In this concern, this cation exchange material will be architectured in hollow nanotube morphological structure with crystalline structure to improve its surface area that by its role enhance its sorption efficiency for the pollutants. The cation exchange performance of fabricated nanotube zirconium tungesto-vanadate will be examined toward both the cadmium and strontium ions decontamination from polluted wastewaters.

Experimental

Synthesis of Nano-Zirconium Tungesto-Vanadate using Microwave Technique

Zirconium oxy chloride solution (1 M, 150 ml) was acidified with 0.05 M HCl and mixed with 0.1 M polyvinyl alcohol solution (polyvinyl alcohol (PVA) with Mwt = 72,000) at closed stainless steel reactor contains two upper slots, one is opened and the other closed as investigated in Fig. 1. This closed reactor was added into microwave oven that contains two upper stainless steel connections. The microwave power was adjusted at 8 W to maintain the reaction mixture at 70 °C. Two different solutions from 75 ml ammonium metavanadate (1 M) and 75 ml sodium tungstate (0.5 M) was added dropwise from the microwave connections simultaneously as indicated in Fig. 1. The solutions feeding occurred using two syringe pumps at constant flow rates of 75 ml/h. After completeness of the additional process, the reaction mixture was aged into the microwave oven until all the reaction solution evaporates and attains yellowish green dry powder material. The fine-resulted powder material was immersed in 1 M nitric acid for 1 day to be transformed to its hydrogen form and neutralize any PVA-stabilizing agent at the material structure (if present). The ion exchange capacity and the physical properties of the prepared material were determined.
Fig. 1

Microwave setup for hollow nanotube zirconium tungesto-vanadate production (1- microwave oven, 2- syringe pump for feeding sodium tungestate solution, 3- syringe pump for feeding sodium meta-vanadate solution, 4- stainless steel reactor)

Characteristics of the Prepared Nano-Zirconium Tungesto-Vanadate

The physicochemical properties of prepared zirconium tungesto-vanadate material were examined using ion exchange capacity (IEC), x-ray diffraction (XRD), Brunauer–Emmett–Teller for surface area (BET), scanning electron microscope (SEM), and transmission electron microscope (TEM).

Ion Exchange Capacity

Acid-base titration process took place of the residual solution resulted from mixing of 0.5 g zirconium tungesto-vanadate in its H+ form with 50 ml of 1 M NaCl solution under vigorously stirring at room temperature overnight. The liberated hydrogen at the solution that is equivalent to the material ion exchange capacity was determined [5].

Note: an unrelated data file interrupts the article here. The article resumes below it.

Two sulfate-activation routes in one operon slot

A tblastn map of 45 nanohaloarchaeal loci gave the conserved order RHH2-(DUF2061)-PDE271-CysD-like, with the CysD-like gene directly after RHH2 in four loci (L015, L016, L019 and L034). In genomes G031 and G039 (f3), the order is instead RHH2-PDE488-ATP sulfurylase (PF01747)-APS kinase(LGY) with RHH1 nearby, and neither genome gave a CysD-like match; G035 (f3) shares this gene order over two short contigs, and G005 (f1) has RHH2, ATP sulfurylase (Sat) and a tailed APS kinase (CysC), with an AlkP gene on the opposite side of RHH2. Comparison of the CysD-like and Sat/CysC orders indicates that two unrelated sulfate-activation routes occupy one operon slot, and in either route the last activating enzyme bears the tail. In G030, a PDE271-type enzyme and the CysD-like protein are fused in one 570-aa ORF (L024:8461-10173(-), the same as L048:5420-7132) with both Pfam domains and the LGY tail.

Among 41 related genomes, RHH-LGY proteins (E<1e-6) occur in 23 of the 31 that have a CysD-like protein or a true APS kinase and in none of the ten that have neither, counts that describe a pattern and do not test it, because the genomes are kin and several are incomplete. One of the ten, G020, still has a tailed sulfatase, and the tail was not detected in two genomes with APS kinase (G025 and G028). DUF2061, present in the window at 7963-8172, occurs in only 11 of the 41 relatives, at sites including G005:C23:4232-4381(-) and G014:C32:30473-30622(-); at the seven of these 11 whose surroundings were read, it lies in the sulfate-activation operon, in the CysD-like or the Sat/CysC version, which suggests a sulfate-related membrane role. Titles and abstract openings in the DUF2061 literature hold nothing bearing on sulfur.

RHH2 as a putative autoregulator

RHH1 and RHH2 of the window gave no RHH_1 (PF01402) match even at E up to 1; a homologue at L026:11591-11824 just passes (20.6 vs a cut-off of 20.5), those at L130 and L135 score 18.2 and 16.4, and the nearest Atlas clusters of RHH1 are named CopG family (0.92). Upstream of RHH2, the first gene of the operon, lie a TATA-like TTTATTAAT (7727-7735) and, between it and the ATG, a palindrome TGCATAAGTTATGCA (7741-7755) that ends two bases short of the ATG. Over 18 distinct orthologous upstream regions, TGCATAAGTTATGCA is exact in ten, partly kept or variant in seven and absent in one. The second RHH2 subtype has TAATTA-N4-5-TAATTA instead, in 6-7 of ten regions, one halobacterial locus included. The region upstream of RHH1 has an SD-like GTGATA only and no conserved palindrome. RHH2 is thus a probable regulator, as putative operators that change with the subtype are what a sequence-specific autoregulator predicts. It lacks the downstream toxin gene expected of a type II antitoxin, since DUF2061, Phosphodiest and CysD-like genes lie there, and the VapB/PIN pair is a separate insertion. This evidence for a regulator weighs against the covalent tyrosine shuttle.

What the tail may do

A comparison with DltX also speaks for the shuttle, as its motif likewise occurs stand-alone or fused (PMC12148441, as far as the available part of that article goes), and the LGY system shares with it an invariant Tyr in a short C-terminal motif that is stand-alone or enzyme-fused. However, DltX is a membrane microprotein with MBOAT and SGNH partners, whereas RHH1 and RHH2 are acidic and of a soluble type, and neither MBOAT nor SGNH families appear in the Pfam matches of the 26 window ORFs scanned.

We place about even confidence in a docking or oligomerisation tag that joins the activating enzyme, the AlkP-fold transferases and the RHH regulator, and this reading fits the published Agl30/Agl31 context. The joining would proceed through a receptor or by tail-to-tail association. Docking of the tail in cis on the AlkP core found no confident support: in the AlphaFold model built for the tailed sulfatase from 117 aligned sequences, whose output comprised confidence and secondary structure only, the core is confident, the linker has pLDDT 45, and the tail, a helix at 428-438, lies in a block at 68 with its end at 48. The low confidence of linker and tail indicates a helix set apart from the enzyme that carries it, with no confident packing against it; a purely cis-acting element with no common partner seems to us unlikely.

Surface Area (BET)

Based on the nitrogen chemisorption physisorption analyzer (Beckman Coulter AS3100, USA), the surface area of the prepared zirconium tungesto-vanadate was established after samples outgassed at 200 °C for 180 min.

X-Ray Diffraction

In order to determine the crystalline structure of the prepared zirconium tungesto-vanadate, the material was scanned at 4°min−1 for 2θ values between 10° and 80° using Schimadzu-7000 diffractometer with CuKα radiation beam (λ = 0.154060 nm).

Scanning Electron Microscope

The morphological structure of the prepared zirconium tungesto-vanadate was established after gold sputtering material and imaging using JEOL JSM 6360LA scanning electron microscope.

Transmission Electron Microscope

In order to confirm the material morphology, a small drop from ethanol-dispersed powder material was deposited on copper grid (pre-coated with a carbon film) and dried at air lab then examined using TEM (JEOL JEM-1230, Japan).

Strontium and Cadmium Affinity of Nano-Zirconium Tungesto-Vanadate

The cadmium and strontium affinity of prepared zirconium tungesto-vanadate were compared using batch technique. A specific weight from prepared zirconium tungesto-vanadate (0.25g) was equililibrated with 100 ml solution from the synthetic waste solution contaminated with either cadmium or strontium ions with 50 ppm concentration under continuous shaking for different time intervals. The synthetic polluted solutions were prepared through dissolving appropriate amounts from either the cadmium chloride or strontium nitrate salts to prepare 1000 ppm from cadmium- and strontium-polluted solutions, respectively. These initial polluted solutions were diluted to 50 ppm to prepare the synthetic cadmium and strontium waste solutions. The reaming concentration of ions (cadmium and strontium) present at the solutions after the treatment process was measured using inductive coupled plasma mass spectrophotometer (ICP-AES).